Miranda, DCD (2015) Criminal Investigation Through the Eye of the Detective: Technological Innovation and Tradition. Surveillance & Society, 13 (3/4). ISSN 1477-7487

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Technological elements and scientific knowledge are steadily transforming both the traditional image of the detective and the nature of contemporary police work. However, despite the potential utility of scientific methods and new technologies in criminal investigations, there are many barriers surrounding their application. We explore these barriers through a qualitative and comprehensive methodology, utilising a set of semi-structured interviews and informal conversations with criminal investigators.
We use theoretical contributions from social studies of science and technology, Surveillance Studies and policing research to analyse how soft and hard forms of surveillance are applied in the practices of the Portuguese Criminal Investigation Police (Polícia Judiciária). The technological artefacts are both shaped by and shape how criminal investigators work. Consequently, it is necessary to explore how the collectives of human and non-human elements are constituted. By analysing the fusion of traditional methods of criminal investigation (hard surveillance) with new technologies of collection and use of information (soft surveillance) we see a hybrid figure of the contemporary detective emerging; a product of both the past and the present. In a context where innovation is sometimes constrained, traditional methods continue to endure. Nevertheless, the expansion of computerisation and police databases has had significant impact on how police information is collected and recorded.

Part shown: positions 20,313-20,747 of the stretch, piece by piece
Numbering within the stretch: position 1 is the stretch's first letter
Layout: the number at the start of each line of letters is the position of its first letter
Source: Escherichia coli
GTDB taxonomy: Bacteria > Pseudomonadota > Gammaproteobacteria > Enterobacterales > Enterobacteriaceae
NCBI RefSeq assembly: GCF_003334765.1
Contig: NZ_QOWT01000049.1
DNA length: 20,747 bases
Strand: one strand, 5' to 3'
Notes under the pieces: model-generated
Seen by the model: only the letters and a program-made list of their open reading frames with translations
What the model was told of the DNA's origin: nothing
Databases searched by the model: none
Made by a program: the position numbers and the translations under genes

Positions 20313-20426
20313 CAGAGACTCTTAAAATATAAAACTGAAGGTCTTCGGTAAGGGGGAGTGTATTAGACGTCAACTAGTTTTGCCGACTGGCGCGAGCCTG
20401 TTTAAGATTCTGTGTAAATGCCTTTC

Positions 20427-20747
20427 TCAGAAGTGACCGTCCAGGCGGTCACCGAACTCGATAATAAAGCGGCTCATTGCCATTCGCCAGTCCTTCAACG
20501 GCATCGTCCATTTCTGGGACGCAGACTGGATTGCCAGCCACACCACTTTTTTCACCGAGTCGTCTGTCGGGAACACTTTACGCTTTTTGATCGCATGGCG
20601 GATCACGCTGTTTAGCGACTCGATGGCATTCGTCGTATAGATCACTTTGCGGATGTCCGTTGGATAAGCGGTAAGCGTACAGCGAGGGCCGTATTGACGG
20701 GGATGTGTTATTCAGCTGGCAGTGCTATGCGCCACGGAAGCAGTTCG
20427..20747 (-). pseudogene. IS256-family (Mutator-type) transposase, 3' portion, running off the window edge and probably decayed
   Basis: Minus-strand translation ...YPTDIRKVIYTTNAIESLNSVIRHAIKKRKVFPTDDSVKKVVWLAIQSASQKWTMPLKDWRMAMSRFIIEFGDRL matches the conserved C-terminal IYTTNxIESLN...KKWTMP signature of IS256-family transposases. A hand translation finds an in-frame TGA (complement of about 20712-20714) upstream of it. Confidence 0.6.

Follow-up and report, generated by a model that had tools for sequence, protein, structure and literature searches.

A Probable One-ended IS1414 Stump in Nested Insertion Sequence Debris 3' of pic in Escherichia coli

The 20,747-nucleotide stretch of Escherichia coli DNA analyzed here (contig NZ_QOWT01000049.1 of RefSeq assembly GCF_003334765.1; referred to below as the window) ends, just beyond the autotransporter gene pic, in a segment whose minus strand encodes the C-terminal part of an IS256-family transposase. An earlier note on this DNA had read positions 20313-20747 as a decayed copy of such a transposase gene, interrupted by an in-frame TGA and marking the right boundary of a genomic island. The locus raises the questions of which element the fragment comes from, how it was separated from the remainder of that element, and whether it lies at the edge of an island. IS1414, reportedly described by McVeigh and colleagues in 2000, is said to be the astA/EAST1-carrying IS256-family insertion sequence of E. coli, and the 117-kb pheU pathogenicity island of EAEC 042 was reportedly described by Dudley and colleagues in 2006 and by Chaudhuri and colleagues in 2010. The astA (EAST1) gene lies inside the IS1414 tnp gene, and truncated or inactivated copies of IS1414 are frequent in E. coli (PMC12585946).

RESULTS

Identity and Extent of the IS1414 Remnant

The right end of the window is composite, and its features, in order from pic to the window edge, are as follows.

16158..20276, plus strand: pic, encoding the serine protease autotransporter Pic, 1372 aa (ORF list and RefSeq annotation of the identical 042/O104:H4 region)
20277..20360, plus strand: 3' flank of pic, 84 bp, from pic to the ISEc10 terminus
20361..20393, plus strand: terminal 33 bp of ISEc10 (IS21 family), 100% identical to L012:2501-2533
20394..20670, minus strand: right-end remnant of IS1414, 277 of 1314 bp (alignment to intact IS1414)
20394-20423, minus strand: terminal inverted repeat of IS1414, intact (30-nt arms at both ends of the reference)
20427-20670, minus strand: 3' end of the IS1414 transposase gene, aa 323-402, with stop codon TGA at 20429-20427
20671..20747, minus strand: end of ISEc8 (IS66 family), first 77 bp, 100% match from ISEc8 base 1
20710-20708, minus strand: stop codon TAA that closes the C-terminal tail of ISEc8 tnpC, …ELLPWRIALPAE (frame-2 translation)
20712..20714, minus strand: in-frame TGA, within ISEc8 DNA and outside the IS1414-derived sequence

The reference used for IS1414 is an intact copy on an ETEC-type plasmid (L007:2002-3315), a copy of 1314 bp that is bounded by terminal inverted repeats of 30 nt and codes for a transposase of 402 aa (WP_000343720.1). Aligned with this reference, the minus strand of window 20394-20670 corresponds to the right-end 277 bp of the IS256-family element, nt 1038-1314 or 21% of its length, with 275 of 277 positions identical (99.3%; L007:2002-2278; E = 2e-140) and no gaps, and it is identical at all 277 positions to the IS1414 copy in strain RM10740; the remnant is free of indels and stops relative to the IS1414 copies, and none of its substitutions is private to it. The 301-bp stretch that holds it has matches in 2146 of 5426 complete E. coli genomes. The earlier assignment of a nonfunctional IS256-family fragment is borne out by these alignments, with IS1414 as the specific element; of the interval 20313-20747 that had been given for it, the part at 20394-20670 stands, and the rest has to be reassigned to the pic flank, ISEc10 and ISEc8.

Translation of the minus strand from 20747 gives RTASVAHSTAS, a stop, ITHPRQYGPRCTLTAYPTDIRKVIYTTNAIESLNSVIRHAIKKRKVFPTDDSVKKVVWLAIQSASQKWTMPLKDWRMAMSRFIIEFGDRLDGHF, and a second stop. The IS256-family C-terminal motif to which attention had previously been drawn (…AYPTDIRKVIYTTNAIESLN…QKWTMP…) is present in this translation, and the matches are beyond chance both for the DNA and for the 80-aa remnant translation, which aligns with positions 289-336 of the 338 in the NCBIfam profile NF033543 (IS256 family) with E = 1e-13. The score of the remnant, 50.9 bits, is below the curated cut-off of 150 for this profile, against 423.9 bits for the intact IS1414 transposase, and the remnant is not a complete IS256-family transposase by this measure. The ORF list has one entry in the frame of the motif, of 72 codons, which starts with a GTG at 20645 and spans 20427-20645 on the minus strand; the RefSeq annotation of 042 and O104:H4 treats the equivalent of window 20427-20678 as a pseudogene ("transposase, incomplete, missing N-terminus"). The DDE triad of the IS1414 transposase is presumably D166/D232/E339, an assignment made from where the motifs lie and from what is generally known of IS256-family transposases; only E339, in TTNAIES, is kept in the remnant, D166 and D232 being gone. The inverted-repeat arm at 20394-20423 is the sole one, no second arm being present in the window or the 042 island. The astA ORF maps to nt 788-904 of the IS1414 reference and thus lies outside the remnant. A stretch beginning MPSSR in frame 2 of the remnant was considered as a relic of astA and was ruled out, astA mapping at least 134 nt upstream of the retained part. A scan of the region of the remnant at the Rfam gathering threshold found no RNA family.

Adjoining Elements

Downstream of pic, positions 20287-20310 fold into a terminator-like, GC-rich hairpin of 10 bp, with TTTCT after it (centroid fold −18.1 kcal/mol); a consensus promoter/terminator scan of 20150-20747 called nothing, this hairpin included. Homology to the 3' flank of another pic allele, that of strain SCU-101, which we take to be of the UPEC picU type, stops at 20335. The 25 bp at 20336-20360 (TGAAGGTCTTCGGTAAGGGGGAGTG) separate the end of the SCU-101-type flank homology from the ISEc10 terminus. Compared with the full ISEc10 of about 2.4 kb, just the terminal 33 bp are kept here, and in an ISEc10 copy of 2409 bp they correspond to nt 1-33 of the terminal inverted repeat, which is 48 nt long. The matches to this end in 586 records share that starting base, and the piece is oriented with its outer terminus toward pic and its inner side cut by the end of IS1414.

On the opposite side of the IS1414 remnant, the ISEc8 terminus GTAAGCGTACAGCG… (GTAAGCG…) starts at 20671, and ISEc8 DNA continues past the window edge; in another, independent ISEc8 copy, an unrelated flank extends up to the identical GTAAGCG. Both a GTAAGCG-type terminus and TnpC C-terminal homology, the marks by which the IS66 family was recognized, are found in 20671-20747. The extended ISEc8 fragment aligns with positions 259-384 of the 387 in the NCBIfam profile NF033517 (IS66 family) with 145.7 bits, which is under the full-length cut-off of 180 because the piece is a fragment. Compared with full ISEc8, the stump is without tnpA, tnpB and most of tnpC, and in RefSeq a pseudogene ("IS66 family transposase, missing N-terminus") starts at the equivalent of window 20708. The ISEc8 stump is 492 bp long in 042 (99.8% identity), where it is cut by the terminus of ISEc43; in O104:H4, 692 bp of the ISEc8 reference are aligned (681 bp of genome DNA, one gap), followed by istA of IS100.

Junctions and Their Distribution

Item Type: Article
Additional Information: This is the final published version of the article (version of record). It first appeared online via Surveillance Studies Network at https://ojs.library.queensu.ca/index.php/surveillance-and-society/article/view/portugal_detective - please refer to any applicable terms of use of the publisher.
Subjects: H Social Sciences > HV Social pathology. Social and public welfare > HV1 Criminology
Divisions: Faculty of Humanities and Social Sciences > School of Social Science and Public Policy
Depositing User: Symplectic
Date Deposited: 01 Dec 2017 13:54
Last Modified: 03 Mar 2021 09:50
URI: https://eprints.keele.ac.uk/id/eprint/4279

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